Our memories are selective—more for some than others. I’m of the selective variety. My husband is not. He remembers everything about our marriage, our house, our cars, our pets, our appliances. He remembers everything he learned in elementary school through the completion of his teaching credential. He remembers everything about his health, my health, our sons’ health, the pets’ health, world affairs. I remember how many minutes per pound to cook a whole chicken, how long it takes to make a good soft-boiled egg, how to negotiate a round-about, how to parallel park, how to punctuate a sentence, that “i” goes before “e” except after “c”, and how to play Chopin’s Prelude in E Minor. When we travel in Europe, I rely on my husband to tell me when a building was constructed, rulers ruled and fell, the wars began and ended. He relies on me to navigate our hotels, meals, auto leases, miscellaneous purchases, and chit chat in French, Italian, Spanish, German, and Portuguese. This describes a symbiotic memory of sorts.
My sons have brought me great joy. I would have them again in a heartbeat and raise them with great pride. The act of childbirth, however, comes equipped with an automatic forgetting mechanism. Otherwise, why on earth would we bear more than one child? I figure that Zero Population Growth was started by women whose memory was more acute than the general sisterhood. Clearly, I am a member of the general sisterhood rather than the acute club.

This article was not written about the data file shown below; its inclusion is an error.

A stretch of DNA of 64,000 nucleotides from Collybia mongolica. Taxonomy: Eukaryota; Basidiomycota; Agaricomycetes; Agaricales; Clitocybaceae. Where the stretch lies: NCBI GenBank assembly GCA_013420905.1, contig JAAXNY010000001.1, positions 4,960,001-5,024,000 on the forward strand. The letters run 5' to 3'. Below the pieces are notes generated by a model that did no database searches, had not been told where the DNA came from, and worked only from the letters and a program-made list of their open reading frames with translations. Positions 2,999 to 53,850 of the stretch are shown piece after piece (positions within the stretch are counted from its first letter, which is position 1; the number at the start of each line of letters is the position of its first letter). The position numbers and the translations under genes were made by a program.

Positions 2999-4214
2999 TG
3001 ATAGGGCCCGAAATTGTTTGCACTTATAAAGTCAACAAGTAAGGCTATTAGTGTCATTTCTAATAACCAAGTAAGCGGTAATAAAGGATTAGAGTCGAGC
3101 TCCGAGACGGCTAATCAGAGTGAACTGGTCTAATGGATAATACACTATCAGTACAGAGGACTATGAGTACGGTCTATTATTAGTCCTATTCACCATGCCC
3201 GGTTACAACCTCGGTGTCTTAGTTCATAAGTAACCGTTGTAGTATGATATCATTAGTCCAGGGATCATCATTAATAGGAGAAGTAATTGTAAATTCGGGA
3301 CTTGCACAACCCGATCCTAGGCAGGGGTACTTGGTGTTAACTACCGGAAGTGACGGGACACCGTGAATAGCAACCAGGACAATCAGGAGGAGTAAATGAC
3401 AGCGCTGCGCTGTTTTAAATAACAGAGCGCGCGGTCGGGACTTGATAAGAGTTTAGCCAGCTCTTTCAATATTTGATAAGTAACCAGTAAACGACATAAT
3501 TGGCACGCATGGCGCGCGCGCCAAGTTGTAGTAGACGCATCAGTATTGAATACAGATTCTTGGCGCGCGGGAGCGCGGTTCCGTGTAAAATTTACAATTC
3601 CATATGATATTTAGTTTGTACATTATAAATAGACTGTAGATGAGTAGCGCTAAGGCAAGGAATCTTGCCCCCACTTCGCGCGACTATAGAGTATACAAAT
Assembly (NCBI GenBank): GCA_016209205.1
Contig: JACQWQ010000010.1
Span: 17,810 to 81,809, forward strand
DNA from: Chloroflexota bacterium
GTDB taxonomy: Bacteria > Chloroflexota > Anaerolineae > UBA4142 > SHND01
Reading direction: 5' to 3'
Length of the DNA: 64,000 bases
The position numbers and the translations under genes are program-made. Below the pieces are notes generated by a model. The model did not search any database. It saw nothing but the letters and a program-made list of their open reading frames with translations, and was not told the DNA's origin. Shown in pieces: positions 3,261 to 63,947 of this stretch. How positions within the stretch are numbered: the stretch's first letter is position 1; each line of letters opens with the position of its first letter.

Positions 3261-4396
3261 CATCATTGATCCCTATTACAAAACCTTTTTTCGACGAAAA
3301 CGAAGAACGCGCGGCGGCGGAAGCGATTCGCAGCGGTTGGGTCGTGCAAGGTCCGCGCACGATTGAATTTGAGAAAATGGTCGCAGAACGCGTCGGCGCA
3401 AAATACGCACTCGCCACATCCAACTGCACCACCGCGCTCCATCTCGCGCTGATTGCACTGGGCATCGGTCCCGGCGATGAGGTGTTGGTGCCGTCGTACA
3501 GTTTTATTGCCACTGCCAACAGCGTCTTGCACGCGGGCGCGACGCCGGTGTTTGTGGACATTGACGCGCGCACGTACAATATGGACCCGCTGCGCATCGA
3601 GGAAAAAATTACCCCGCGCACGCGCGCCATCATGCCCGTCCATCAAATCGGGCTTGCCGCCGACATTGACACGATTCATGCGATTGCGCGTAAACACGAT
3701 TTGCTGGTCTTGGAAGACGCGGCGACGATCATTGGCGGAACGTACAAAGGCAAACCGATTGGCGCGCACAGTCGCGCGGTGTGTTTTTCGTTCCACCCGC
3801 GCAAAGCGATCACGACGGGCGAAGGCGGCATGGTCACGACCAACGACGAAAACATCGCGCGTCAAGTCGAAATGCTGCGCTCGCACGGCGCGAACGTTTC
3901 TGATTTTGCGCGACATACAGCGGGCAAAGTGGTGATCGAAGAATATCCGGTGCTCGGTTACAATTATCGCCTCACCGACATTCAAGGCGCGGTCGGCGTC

When our younger boys are together (younger meaning 23 and 29), they reminisce about things that make me squirmy. They remember experiences that I have unconsciously, I think, chosen to forget—much like the pain of childbirth. My contribution to these experiences, for the most part, would have been different if I could have a do-over. These experiences include forced Sunday school attendance, forced rides in the country, forced this and forced that. And then there was the occasional explosion that comes with childrearing--the one where I shout uselessly into the ether in the general direction of children’s ears. These incidences most accurately account for “mother’s guilt.” And while we hope to learn from the history in our experiences, I’m not sure it’s worthwhile to be bludgeoned with it. Better to forget—or leave it alone. But the boys received the memory gene from their father. I wish they would remember more like me—selectively.